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Guest Blog — Oily Cart’s Ellie Griffiths: ‘Shielding should not affect anyone’s right to creativity, their right to connection & their right to play.‘

Young people with complex disabilities feel huge anxiety about being excluded when theatres eventually reopen, as many may have to continue shielding until there is a Covid-19 vaccine.
Artistic director of disablity-led theatre company Oily Cart Ellie Griffiths writes about their creative inclusive sessions designed to be explored at home or school.

Looking Forward to a Better Theatre

Oily Cart works with some of the most creative, resilient and dynamic artists and audiences in the country, that society disables.

During the pandemic, we have watched many of these individuals have their equal rights quietly dismantled, and become more invisible. Rather than waiting for a vaccine, or venues to reopen, we made the decision to take our shows online, onto streets and into homes, as part of an uncancellable programme.

The first,Doorstep Jamboree’, features a travelling Balkan band who pop up across London to perform through windows and on the doorsteps of families who are still shielding.

This is as much a protest as a show we feel passionately that shielding should not affect anyone’s right to creativity, their right to connection and their right to play.

This is of course being carried out against the backdrop of an arts sector that is still reeling from “the biggest threat to the UK’s cultural infrastructure in a generation”. With mass redundancies, reduced funding and venue closures, for many creatives there is simply nonormal’ left to return to.

Freelance workers have been hit particularly hard, especiallythose who are not well established – often directly due tobarriers faced through ethnicity, gender or disability.

A recently published study of theatre’s freelance workers concluded that D/deaf and disabled arts workers have suffered disproportionately during the Covid-19 crisis – more than 40% said they were likely to leave the industry.

Now, as lockdown eases, many disabled artists are left feeling ‘expendable’ as new projects emerge without those who are still shielding.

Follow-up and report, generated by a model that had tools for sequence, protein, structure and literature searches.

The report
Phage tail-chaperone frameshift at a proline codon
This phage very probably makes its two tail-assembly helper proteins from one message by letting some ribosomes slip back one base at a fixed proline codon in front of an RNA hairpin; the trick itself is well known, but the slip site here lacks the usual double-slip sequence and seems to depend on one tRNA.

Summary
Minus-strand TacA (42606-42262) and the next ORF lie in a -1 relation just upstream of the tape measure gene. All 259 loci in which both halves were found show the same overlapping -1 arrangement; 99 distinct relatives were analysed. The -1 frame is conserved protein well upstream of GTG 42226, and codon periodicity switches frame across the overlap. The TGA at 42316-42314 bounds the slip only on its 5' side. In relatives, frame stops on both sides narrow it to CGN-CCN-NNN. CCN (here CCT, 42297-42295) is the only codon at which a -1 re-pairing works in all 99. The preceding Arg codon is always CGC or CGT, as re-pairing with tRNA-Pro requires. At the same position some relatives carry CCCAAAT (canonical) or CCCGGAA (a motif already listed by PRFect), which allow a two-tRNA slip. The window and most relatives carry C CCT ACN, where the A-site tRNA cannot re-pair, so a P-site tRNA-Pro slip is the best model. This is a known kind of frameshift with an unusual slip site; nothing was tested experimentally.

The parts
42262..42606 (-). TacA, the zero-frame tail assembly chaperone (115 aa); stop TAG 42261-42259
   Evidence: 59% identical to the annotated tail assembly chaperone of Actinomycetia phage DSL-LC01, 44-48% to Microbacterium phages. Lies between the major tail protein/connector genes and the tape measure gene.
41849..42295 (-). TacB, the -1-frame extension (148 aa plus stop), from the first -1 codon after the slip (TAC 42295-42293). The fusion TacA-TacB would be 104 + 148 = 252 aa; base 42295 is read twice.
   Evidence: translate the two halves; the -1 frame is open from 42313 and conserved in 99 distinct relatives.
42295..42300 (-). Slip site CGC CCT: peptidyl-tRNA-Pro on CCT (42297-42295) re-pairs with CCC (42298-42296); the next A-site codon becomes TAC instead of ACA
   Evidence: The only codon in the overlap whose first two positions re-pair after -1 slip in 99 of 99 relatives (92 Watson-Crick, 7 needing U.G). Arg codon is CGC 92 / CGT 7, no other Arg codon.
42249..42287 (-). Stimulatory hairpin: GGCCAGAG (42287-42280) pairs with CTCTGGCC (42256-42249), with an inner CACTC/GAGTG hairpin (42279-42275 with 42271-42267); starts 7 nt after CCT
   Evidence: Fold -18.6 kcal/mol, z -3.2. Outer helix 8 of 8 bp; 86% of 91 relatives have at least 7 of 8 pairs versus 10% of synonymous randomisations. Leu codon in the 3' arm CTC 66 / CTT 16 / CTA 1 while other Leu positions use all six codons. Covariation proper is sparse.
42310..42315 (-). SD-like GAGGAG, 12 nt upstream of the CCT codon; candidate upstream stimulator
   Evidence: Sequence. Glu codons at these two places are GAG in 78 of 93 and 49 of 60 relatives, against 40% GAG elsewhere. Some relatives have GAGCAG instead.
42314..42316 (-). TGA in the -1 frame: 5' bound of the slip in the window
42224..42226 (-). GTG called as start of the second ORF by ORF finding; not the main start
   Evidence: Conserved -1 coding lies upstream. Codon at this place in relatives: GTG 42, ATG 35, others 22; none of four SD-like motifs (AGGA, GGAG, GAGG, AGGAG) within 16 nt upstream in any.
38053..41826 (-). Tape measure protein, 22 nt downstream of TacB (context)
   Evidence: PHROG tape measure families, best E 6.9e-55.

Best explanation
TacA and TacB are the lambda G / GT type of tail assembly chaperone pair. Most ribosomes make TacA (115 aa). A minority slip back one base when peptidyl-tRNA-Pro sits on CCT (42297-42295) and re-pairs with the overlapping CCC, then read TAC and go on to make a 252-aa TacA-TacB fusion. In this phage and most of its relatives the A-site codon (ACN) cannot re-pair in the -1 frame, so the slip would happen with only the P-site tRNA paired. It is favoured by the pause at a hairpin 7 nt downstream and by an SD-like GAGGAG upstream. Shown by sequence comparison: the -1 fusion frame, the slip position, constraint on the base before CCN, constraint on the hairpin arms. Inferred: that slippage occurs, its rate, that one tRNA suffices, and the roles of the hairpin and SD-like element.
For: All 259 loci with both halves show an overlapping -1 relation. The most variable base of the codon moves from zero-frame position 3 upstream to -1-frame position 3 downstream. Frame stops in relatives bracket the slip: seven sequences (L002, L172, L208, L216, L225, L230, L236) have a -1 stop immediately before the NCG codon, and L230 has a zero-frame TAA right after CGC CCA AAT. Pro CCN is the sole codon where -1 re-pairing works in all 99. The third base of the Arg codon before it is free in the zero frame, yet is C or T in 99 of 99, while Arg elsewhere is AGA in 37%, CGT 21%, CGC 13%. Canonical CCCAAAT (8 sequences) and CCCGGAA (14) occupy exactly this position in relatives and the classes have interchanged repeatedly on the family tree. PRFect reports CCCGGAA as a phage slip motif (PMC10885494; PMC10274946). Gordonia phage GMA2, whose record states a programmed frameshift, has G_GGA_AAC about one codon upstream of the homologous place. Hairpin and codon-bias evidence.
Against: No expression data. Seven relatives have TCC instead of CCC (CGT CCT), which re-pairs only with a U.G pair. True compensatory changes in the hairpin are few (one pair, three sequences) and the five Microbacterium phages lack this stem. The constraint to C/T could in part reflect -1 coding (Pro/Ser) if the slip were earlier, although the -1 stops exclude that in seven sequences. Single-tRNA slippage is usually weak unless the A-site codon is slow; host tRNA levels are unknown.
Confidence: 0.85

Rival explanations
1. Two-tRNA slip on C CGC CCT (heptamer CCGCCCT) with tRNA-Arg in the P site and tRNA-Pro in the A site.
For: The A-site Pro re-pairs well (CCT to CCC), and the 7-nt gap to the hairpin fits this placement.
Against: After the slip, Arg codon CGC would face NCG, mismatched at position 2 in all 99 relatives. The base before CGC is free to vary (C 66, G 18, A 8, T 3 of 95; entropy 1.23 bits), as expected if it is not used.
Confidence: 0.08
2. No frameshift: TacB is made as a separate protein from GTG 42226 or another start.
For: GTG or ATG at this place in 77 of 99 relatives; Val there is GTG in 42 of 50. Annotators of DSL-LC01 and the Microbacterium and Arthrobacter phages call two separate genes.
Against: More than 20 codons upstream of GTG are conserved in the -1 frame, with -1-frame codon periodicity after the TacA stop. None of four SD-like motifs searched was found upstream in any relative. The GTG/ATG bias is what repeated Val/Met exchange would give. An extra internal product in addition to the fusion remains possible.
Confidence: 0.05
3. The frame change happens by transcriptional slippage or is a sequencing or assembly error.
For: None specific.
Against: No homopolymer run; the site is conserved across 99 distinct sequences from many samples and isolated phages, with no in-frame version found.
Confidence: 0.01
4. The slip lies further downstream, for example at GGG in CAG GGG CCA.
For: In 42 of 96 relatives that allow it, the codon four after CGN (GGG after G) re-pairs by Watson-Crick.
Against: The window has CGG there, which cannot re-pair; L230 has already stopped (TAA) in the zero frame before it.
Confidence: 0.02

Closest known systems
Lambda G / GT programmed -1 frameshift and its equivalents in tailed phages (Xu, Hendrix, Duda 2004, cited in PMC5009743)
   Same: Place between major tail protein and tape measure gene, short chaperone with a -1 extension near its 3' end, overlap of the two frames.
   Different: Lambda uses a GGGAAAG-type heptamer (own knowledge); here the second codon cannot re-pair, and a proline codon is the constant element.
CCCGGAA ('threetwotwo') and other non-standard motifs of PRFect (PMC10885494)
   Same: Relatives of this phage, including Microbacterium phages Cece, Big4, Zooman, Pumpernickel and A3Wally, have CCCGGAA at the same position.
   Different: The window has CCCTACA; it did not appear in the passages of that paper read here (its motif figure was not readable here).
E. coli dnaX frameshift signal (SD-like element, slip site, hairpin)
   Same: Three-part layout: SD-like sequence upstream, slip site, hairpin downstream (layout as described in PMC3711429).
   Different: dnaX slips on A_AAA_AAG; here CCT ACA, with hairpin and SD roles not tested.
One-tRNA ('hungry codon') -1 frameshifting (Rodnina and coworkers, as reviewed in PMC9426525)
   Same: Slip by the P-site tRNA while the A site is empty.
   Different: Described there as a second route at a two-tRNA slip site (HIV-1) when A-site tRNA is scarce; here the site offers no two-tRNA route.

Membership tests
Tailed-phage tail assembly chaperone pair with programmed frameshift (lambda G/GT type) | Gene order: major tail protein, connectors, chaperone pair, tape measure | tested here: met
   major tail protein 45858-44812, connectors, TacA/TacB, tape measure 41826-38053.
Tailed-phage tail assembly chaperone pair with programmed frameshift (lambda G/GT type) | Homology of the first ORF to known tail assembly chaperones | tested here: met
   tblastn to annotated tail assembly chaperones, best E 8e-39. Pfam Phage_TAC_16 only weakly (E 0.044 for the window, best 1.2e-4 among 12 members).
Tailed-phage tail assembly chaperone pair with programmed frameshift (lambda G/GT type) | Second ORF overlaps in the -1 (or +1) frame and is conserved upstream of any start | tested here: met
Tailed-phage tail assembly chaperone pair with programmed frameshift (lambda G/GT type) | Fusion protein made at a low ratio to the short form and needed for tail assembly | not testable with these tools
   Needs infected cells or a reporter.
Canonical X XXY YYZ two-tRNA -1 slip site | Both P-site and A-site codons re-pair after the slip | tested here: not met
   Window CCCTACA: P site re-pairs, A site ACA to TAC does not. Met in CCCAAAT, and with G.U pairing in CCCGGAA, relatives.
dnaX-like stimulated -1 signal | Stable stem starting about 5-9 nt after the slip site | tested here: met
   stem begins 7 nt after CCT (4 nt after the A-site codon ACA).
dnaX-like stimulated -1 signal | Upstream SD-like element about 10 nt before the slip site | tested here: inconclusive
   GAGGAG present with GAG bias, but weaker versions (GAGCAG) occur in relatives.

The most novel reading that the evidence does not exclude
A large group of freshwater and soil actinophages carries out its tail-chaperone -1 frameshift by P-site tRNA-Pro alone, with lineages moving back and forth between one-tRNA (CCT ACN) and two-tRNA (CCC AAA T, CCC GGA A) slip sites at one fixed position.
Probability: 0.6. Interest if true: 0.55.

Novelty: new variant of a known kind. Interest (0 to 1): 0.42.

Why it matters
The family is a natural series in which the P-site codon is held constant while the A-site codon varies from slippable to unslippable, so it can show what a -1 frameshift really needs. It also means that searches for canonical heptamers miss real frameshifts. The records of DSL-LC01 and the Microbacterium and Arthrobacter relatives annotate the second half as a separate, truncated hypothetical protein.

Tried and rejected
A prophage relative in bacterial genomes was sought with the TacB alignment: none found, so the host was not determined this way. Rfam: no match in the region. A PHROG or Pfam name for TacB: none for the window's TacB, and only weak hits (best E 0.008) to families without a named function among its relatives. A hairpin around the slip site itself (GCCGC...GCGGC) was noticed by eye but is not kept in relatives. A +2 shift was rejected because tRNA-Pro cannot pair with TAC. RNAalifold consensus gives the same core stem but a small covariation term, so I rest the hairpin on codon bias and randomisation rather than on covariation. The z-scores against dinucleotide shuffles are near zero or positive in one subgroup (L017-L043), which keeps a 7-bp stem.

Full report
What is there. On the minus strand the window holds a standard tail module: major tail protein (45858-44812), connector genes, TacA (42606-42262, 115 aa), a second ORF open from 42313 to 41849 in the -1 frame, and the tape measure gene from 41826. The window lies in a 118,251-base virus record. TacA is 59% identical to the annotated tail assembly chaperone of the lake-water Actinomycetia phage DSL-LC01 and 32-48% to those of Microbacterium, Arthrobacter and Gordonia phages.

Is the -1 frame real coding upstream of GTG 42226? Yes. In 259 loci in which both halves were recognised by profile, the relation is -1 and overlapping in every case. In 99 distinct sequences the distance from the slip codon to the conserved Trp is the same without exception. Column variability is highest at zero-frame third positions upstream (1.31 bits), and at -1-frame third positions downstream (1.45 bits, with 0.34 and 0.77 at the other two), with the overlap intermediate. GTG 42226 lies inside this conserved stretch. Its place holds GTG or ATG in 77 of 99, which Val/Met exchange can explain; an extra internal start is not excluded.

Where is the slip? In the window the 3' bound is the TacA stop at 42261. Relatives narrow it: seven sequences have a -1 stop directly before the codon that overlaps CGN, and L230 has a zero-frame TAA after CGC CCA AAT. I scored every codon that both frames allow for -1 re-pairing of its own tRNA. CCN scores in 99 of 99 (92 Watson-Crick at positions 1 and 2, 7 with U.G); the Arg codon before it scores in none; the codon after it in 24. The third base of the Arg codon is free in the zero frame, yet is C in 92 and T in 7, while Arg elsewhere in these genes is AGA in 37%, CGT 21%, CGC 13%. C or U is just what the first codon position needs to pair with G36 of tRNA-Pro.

The government’s decision to withdraw support from individuals who are shielding from the 1st of August has caused further anxiety and confusion in the disabled community, with many feeling they are being asked to pick between their lives and their livelihood.

If we do not all take action, this will be an immense step backwards in the hard-won progress made towards diversifying the arts sector over the last 20 years.

Ellie Griffiths artistic director of Oily Cart

This colossal shift, has however created an unprecedentedopportunity to change the old structures that were not working for everyone. It is now the responsibility of every gate-keeper of the arts to assist in rebuilding a new normal that enables everyone to access culture meaningfully as artists and audiences.

In the new (more inclusive) normal, we understand as an industry that no one size fits all. Each touring show will have both an online and physical format of equal quality. Collaborations and rehearsals can happen flexibly and remotely whenever needed without it being seen as a substitute for the real thing.

We won’t assume everyone has access technology and internet – so pioneering digital works will be followed by low-fi analogue projects that involve packages sent to homes and poems told over the phone as audience members are gently guided though new performance formats.

The work will attend to the wellbeing of creators and audience, respecting each adult, child, disabled and non-disabled individual, as a sensory being, (not just a pair of eyes and ears to be transmitted to). Companies will seek to find intimacy and connection with their audiences in new ways, keeping the essence and integrity of the piece, whilst not being bound to the irrelevant specifics of a theatre culture that no longer exists.

Performances will be more person-centred, acknowledging the audience as a group of diverse individuals who may engage with their material in a variety of different ways, that hold equal value.

And theatre will be better for it. It will be infinitely better.

Ellie Griffiths

Artistic Director